The main content area
Application & Information
Laws & Regulations
Research & Statistic
Activities & Events
Maternal and Child Health
The Nationwide Infant Cholestasis Early Discovery, Reporting, Counseling and Follow-up System--Implementation Results
If you want print function, you can use Ctrl + P function.
(1)In 2002, the Bureau of Health Promotion commissioned Professor Mei-Hwei Chang of the National Taiwan University to develop an indigenously designed infant stool card for use as an economical and effective tool for the early screening of biliary atresia and cholestasis in infants. A patent application for this device was filed with the Ministry of Economic Affairs in December 2003. Substantive examinations are currently underway, and results are expected to be made public in late 2004.
(2)Neonatal jaundice is quite common in Taiwan. While jaundice in most cases disappears within two weeks after birth, some cases continue for longer periods. Among them are infants with cholestasis. It is often mistakenly believed that jaundice in these infants is caused by breastfeeding, resulting in delayed diagnosis or even missing of the treatment window. Cholestasis can be divided into intrahepatic and extrahepatic forms. Biliary atresia is the most common, and most serious, form of extrahepatic cholestasis in infants, and is also the most common fatal liver disease. However, if infants undergo the Kasai operation within 60 days of birth, their prognosis will greatly improve.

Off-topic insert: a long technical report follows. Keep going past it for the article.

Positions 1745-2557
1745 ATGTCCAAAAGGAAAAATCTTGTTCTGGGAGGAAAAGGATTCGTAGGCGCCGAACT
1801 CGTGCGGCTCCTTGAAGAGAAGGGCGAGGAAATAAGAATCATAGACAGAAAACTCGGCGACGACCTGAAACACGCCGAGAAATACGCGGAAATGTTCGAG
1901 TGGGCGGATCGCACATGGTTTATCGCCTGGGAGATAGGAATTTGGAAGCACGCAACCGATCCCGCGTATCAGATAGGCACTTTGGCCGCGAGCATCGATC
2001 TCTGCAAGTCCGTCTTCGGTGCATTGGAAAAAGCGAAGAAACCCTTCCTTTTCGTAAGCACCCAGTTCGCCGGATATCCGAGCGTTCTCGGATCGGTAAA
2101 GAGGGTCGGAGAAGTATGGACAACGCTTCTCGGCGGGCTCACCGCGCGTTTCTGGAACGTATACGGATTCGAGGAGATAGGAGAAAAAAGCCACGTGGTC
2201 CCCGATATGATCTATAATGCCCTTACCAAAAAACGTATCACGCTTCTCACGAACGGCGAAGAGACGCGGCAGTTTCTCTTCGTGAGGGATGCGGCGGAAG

(3)Concrete results: From March 2002 to December 2003, the sensitivity of biliary atresia screening increased to 92.5%, and accuracy to 99.9%. Research has shown that in 2002 and 2003, 59.3% of infants with biliary atresia underwent the Kasai operation within 60 days of birth, and that among those that underwent the Kasai operation within 609 days of birth, 81.25% showed jaundice remission. However, among infants with biliary atresia who underwent the Kasai operation more than 60 days after birth, only 40% showed jaundice remission.
The biliary atresia prevalence rate in Taiwan is 2.33-3.35 per 10,000, proving the great importance of early discovery and intervention. In comparison with Western countries, which have a biliary atresia prevalence rate of only 0.67 per 10,000, Taiwans prevalence rate is quite high. This corroborates the past experiences of clinical physicians, and proves that biliary atresia diagnosis, treatment and education are critical tasks in this country.
(4)The stool card has made both parents and medical personnel become more aware of the importance of infant stool color. Nationwide use of the infant stool color identification card can assist in the early screening of biliary atresia and enhance treatment results.